These climate change-attributed flood depths often made the difference between flooding a building and not flooding the same building at all. In the higher scenario (38% of precipitation is attributable to climate change), 49.4% of the buildings that were flooded would have been flooded anyway, but 50.6% flooded only because of climate change; i.e., they would not have been flooded during the hurricane had there been no anthropogenic climate change to generate increased rainfall. Since Harris County is large, this corresponds to an estimated 53,616 parcels that would not have been flooded without climate change. Figure 1 shows a map of areas that experienced flood impacts only because of climate change in the 38% scenario. For the lower “best estimate” (20%), the comparable figure is almost a third—i.e., 31.9% of the flooded houses would not have flooded without climate change. Even in the most conservative scenario we test—only 7% of the precipitation is associated with climate change—12.8% of the flooded residential buildings would not have flooded at all without climate change.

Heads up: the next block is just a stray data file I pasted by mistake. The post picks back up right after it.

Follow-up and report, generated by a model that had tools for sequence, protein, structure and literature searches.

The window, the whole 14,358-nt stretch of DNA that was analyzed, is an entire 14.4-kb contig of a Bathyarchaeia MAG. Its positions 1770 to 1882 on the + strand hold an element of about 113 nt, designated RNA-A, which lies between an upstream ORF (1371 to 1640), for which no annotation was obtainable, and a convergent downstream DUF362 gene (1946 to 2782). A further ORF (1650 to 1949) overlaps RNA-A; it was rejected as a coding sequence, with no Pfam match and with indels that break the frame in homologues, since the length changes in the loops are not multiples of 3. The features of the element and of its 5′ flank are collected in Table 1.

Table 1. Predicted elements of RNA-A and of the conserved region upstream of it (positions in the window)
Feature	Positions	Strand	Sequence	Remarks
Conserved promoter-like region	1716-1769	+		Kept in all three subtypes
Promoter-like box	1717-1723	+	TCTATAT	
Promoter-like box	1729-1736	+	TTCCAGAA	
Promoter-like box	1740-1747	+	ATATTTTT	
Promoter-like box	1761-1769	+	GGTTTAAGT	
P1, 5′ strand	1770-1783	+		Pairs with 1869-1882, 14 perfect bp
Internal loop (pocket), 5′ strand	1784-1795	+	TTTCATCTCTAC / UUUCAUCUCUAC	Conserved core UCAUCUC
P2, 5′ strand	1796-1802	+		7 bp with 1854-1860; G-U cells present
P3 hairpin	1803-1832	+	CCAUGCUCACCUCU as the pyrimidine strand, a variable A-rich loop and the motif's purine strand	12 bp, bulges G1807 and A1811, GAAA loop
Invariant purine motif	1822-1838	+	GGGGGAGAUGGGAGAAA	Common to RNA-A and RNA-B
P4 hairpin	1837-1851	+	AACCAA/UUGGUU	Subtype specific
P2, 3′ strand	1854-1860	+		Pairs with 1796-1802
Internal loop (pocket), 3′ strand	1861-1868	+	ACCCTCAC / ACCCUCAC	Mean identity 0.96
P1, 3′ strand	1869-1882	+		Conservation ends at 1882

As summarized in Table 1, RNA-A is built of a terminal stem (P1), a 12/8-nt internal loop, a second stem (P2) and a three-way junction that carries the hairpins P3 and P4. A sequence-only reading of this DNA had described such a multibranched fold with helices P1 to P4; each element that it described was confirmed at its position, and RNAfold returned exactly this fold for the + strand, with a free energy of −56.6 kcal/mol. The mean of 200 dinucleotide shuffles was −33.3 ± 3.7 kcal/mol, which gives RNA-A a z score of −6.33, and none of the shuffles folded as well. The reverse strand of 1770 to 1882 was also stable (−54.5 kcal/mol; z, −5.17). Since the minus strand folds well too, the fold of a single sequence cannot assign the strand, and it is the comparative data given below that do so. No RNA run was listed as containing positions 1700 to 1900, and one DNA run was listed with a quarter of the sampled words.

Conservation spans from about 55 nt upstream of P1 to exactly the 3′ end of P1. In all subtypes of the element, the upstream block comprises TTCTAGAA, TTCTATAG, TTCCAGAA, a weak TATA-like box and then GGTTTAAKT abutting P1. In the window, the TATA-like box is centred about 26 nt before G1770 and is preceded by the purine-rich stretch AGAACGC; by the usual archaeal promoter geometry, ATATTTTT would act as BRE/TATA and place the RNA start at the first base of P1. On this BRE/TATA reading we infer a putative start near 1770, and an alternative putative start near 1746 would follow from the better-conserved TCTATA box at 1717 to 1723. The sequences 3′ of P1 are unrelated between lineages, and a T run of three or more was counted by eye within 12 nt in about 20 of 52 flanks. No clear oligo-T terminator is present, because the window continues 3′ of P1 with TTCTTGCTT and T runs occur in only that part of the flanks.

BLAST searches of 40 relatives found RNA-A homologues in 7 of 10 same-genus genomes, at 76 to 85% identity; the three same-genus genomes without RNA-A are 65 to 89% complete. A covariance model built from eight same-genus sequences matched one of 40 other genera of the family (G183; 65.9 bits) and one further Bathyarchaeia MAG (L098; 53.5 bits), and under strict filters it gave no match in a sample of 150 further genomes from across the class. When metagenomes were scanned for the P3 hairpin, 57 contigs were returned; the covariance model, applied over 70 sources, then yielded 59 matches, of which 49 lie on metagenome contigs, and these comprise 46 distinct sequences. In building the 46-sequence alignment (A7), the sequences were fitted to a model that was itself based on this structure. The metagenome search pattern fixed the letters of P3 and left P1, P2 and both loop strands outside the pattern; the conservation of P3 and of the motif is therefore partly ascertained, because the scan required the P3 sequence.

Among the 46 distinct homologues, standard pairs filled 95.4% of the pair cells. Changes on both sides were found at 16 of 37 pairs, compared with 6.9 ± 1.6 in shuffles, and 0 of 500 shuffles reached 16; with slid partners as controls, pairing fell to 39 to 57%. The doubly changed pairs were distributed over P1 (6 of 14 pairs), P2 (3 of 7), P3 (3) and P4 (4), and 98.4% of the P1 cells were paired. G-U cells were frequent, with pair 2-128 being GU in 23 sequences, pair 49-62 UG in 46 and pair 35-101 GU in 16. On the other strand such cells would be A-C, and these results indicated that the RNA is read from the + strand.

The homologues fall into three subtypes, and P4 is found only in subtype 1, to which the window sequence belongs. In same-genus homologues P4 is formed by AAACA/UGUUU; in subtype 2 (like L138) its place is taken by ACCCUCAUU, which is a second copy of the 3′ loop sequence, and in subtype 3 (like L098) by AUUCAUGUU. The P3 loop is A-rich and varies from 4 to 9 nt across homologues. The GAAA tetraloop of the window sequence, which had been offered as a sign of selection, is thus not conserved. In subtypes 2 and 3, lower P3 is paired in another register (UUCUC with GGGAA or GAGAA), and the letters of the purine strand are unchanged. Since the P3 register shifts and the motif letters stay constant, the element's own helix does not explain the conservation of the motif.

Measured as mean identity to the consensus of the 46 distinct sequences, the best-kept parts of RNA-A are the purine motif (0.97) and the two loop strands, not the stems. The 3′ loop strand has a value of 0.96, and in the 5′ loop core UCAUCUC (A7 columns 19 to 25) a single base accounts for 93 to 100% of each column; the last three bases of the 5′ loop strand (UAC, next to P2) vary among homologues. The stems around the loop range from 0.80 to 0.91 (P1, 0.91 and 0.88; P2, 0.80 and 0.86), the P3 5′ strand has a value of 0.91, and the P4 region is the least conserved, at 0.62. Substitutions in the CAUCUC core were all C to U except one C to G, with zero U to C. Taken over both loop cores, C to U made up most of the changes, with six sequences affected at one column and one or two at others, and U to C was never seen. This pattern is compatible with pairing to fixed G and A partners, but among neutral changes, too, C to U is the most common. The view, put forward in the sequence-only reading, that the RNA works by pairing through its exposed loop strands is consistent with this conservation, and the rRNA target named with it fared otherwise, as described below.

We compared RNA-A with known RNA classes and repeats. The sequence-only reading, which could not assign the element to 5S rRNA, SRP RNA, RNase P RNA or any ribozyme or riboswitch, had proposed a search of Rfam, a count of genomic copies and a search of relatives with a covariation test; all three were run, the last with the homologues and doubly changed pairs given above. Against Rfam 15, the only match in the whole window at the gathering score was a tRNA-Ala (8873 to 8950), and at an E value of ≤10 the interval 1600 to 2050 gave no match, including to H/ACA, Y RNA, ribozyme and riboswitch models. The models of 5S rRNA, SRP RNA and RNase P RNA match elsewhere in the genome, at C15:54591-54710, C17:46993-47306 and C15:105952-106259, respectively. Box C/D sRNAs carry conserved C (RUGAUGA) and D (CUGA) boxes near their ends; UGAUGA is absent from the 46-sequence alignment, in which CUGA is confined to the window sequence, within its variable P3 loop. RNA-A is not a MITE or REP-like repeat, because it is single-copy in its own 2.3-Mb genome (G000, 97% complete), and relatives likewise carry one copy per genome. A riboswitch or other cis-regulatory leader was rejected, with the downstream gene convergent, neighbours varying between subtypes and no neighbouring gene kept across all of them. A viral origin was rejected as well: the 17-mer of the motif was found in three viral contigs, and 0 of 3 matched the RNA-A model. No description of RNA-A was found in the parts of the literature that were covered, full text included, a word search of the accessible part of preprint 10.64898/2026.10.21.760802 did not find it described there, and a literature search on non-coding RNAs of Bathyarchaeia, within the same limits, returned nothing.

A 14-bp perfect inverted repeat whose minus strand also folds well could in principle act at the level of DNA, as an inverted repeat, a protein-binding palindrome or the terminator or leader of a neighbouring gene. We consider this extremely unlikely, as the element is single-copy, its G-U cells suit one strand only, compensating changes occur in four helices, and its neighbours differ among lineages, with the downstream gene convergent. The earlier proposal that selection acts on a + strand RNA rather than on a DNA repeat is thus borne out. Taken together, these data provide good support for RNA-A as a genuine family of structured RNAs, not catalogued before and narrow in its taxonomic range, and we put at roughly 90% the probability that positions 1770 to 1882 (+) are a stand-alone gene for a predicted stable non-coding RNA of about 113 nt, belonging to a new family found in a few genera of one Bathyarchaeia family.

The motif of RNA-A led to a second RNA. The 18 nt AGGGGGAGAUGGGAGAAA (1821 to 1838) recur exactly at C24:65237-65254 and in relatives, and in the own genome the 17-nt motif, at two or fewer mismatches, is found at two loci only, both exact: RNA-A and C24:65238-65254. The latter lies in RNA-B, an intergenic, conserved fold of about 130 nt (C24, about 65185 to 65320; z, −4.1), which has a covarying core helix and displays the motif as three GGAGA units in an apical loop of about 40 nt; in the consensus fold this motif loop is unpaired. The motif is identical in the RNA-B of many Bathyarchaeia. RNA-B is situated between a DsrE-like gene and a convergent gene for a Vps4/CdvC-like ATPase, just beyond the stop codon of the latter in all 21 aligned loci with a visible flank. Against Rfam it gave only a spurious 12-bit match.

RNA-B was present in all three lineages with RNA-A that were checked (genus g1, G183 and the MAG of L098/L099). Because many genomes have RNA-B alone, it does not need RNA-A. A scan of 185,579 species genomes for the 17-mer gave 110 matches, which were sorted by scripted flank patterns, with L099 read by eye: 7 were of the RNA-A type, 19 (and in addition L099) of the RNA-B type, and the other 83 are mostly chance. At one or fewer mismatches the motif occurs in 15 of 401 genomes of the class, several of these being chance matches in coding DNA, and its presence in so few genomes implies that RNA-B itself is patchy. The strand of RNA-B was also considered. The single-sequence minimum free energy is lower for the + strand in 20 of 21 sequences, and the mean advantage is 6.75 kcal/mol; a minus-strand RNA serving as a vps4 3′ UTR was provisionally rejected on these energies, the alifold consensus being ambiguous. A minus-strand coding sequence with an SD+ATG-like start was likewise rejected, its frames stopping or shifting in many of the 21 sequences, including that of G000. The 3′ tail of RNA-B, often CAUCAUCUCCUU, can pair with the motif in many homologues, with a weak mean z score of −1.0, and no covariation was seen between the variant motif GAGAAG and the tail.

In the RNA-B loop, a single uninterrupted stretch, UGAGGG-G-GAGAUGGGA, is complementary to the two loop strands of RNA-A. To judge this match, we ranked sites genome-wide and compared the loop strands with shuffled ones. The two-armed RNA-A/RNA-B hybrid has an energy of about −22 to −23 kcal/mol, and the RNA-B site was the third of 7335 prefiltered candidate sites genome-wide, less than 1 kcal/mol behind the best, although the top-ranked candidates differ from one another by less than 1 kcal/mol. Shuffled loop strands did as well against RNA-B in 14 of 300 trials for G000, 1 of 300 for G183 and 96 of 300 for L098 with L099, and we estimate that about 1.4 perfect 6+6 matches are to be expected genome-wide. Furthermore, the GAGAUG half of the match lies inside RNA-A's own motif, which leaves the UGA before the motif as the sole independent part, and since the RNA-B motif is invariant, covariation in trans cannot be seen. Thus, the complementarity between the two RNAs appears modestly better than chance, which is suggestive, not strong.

We also calculate the property damages wrought by these climate change-attributed flood depths using the information on buildings from the National Structure Inventory and depth-damage functions outlined in ref. 20 (see Methods). Our modeled estimate of the baseline flood damage to residential properties, including flooding both attributed and not attributed to climate change, is US$6.41 billion in Harris County. We estimate the climate change-attributed portion of these damages to be approximately$2.39 billion (37.2%) of total damages in the lower scenario or $3.7 billion (57.8%) in the higher climate change scenario. ### Analysis of climate change-attributed impacts Given the sizeable impacts of climate change on residential flooding from Hurricane Harvey, we next conduct regression analyses assessing what social and demographic characteristics of neighborhoods and land parcels are associated with these climate change-attributed impacts. We analyze neighborhood-level variables including the racial composition and median income of the census tracts, and including potentially noteworthy moderating (interacting) relationships between racial composition and income. We also examine parcel-level variables including the parcel’s appraised value, whether it is a single-family residential home, a mobile home, or a multifamily home, the year the residential structure was built, and whether the parcel has a building located in FEMA’s 100-year floodplain. In these regressions, statistically significant relationships and effect size calculations can be interpreted to identify disproportionate impacts for a social or demographic group. Our first set of regressions assesses how these characteristics relate to two dependent variables attributed to climate change1: flood depths (in cm for buildings where flooding was >20 cm); and ref. 2 flood damages (the estimated amount of damage to residential buildings in U.S. dollars). The multivariable regressions use a Tobit specification, as a Tobit regression is appropriate for a left-censored variable where there are a large number of 0 cases (because many parcels did not have climate change-attributed flood depths). Table 1 shows these results for the 20 and 38% scenarios. We identify six primary findings from these analyses that hold across the different scenarios for both depths and damages. First, parcels in neighborhoods with more Latina/x/o residents had higher climate change-attributed impacts. Figure 2 uses descriptive statistics where we multiply the number of parcels in three categories (i.e., not flooded, flooded because of climate change, would have flooded even without climate change) with the proportion of different racial groups in each neighborhood to provide a schematic to illustrate the racial disparities in flood depths for the 38% scenario. Figure 3 uses descriptive statistics (in the same manner as Fig. 2) to show these disparities for damages, with the per capita damages for a Latina/x/o person from climate change-attributed flooding estimated at ~$1,035. Although this estimate is only narrowly higher than that for whites ($828), it should be noted that home values are higher in white neighborhoods, and therefore this disparity per unit of home value is greater21,22,23. Second, parcels in neighborhoods with higher incomes had higher climate change-attributed impacts. Third, in neighborhoods with more Latina/x/o residents, the impact of income is reversed. In these neighborhoods, a greater impact was observed in the lower-income neighborhoods. This finding clarifies the previous two: While greater neighborhood incomes are linked to more climate change-induced impacts, the opposite is the case in Latina/x/a neighborhoods. Fourth, multifamily residential parcels (compared to single-family parcels) experienced less flood impacts associated with climate change. Fifth, location in FEMA’s 100-year floodplain was linked to greater climate change-attributed impacts. Sixth, older residential structures tended to have greater flood impacts. In addition to these primary findings, other results were less consistent. For climate change-attributed damages but not climate change-attributed depths, we found evidence of a curvilinear (convex) effect for the appraised value of the parcel, but effect sizes were relatively small. We also found that mobile homes experienced less flood depths but this was not statistically significant for flood damages. Finally, we did not find statistically significant relationships for census tracts with a high proportion of non-Latina/x/o blacks or non-Latina/x/o of other races, including for moderating relationships with income. ### Analysis of flooding only because of climate change impacts In the second set of regression analyses, we ask what social and demographic characteristics are linked to parcels that would not have flooded without climate change by transforming our flood depths and flood damages variables into binary outcomes that denote whether a parcel’s buildings would not have flooded or did not flood at all. Parcels that would have flooded even without climate change-attributed precipitation are excluded, meaning that we conceptualize the sample as all parcels that would not have had flooded buildings if not for climate change, and then distinguish between those that did or did not flood in the climate change scenarios we examine. Table 2 shows the results of these binary logistic regression analyses. Findings from these logistic analyses largely mirror those from the Tobit models on climate change-attributed flood depths and damages, thereby providing robust support for the overall findings. Most central to this study’s focus on climate justice, we find that Latina/x/o neighborhoods, especially low-income Latina/x/o neighborhoods, had greater odds of flooding (compared to other types of neighborhoods) only because of the added climate change-induced precipitation. This finding held for both depths and damages across each of the climate change-attribution scenarios, although the interaction effect for Latina/x/o and median income is slightly smaller in models for the 38% scenario (where p values are 0.064 for Model 2 and 0.07 for Model 4). Figure 4 graphs these findings with predicted probabilities by estimating the percentage of climate change-only flooded properties at different population shares of Latina/x/o residents and median income. As an example, the estimates show that for a high Latina/x/o population share, low-income (90%,$25,000 median income) neighborhood, we would estimate that ~9% of parcels in the 38% scenario (and 6% in the 20% scenario) would not have flooded if not for climate change.